Maybe it started to unravel when I moved away to Colorado and came back. Upon my return, I tried to slip back into the life I’d left only to realize my friends had moved beyond me for the most part. I’ve since learned that you can never go home again once you leave… you can come back physically, but “home” is a moment locked in time. I had a home in childhood, then at Hiram, and then with Mike. I struggled to find home in Colorado. I’ve been trying to make a home since I’ve returned. I’ve got half a home, but it’s still not completely there. I’m not sure what’s missing.
Regardless of the catalyst to the unraveling of my once core group of friends, it’s not what it was anymore. At least, it’s not what it is was with me. I think some of them now get together on their own because their lives have more commonality than mine. And maybe on some level, some of my old friends still don’t know how to treat me. I wonder if I’m a sore reminder of tragedy as sometimes they are a painful reminder to me of what I had and lost. Maybe I make too much out of it–maybe everyone’s just too busy right now. Part of it could be my fault, too. It’s not like I’m trying very hard to reach out. I guess I just figure that I don’t want to force myself on anyone.
I have these parties to try to bring everyone together again–both the old friends and the new I’ve made in the year. I don’t expect everyone that I invite to show up. I’ve got plenty of people who do come that make it festive.
It’s weird, but as a host, I always spend the day following one of my parties in a slight state of depression. Instead of praising those who did show up, I lament the absence of those who didn’t. I obsess over the details of the night, worrying that I wasn’t good enough host. Should I have reached out more to one person? Did I spend enough time talking to another? My desire to please everyone mixes with my low self-esteem and I give myself crap about all the things I could have done, should have done, would have done, didn’t do. One would wonder why I’d throw a party if it makes me so nutty. Believe it or not, I have fun hosting.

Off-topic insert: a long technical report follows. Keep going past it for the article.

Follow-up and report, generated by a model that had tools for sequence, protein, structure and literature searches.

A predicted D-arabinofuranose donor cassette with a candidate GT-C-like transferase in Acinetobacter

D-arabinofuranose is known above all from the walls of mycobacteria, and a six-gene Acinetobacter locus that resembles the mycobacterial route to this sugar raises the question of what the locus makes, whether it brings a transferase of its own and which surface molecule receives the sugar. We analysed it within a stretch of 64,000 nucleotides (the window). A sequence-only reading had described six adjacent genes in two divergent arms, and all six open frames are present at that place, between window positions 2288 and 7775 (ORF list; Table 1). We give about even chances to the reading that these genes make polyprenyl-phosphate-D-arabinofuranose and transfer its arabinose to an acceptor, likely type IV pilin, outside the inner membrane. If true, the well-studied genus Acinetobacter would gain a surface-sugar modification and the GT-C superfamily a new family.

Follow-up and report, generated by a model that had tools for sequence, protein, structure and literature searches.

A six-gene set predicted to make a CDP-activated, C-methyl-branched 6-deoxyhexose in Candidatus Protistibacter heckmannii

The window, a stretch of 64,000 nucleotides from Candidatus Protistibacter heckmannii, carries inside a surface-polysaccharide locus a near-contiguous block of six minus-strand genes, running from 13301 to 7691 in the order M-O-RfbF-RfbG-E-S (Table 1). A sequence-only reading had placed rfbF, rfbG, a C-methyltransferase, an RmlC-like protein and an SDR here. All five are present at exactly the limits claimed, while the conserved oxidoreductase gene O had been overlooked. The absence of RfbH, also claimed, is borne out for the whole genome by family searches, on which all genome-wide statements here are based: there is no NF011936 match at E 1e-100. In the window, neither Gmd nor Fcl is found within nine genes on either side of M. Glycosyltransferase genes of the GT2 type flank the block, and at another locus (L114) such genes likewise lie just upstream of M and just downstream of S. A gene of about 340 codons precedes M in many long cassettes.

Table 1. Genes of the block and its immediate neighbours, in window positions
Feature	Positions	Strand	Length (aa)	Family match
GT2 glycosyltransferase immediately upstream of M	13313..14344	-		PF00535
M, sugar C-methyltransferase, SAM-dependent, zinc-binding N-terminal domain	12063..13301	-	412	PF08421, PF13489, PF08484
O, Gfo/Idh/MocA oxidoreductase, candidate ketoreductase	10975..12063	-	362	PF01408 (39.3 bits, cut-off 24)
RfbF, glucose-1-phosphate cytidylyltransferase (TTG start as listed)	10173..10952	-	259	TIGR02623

I think I find home in that single moment when I throw a party and get enough people together. Sitting around the fire in my yard, looking at the light removing shadows over the faces of my friends, I find peace. Maybe we’re all on our separate voyages through life and our ships don’t pass each other often anymore. But that moment when we all dock at the same port, share some food and brew, we reconnect with each other. I get so caught up in the warmth of those moments that I never want them to end. A little piece of my heart is tugged as people take back to their helms and return to sea.
I remind myself of my brother. When he was a kid, my brother would never want to stop playing a game. He would throw a fit, even if you’d been playing something for hours, and I always dreaded the moment when I had to tell him I was done playing. I think I’m sometimes like that– the last to leave a party or gathering because I don’t want that comfortable feeling of home to disappear. I find home in people; others find home in solitude.
Anyway, it was a good weekend overall. Now I just feel deflated. Another big event has come to pass. Warm days are beginning to give way to chillier nights as the trees start to turn gold, red, and orange. Michael and I took the tandem out this afternoon and made another rest stop at Szalay’s–perhaps the last one of the year–and had the required lemonade and corn-on-the-cob dipped in butter. The clouds of the morning evaporated into a beautiful evening. We took our time and ventured up a road out of the valley we’d never tried–Northampton. It wasn’t nearly as hard as we thought it would be. After the initial difficult part (which didn’t last too long), it was rolling with little traffic and tree-lined scenery. I don’t know why the club never uses this road on Thursday nights. We’ve taken Steel’s Corners, which is too trafficky and not very scenic or interesting.
Church was inspiring this morning. I’m not sure what it was, but I was definitely “feeling the spirit.” The choir sang a tune called There’s Honey in the Rock that once again gave me goosebumps. Someone leaving our congregation to move to Boston for the love of his life–whom he met through the larger UU congregation–lit the chalice and gave a heartfelt speech about how the church shaped him into a better person. It was very touching and I’d only seen this guy in passing. It made me think about my own purpose for joining the church and I wondered if in a few years I’d feel the same sort of elation (which I’ve already felt on some level when I joined). I felt like I wanted to hug the entire congregation. I’m getting damn sappy in my middle years.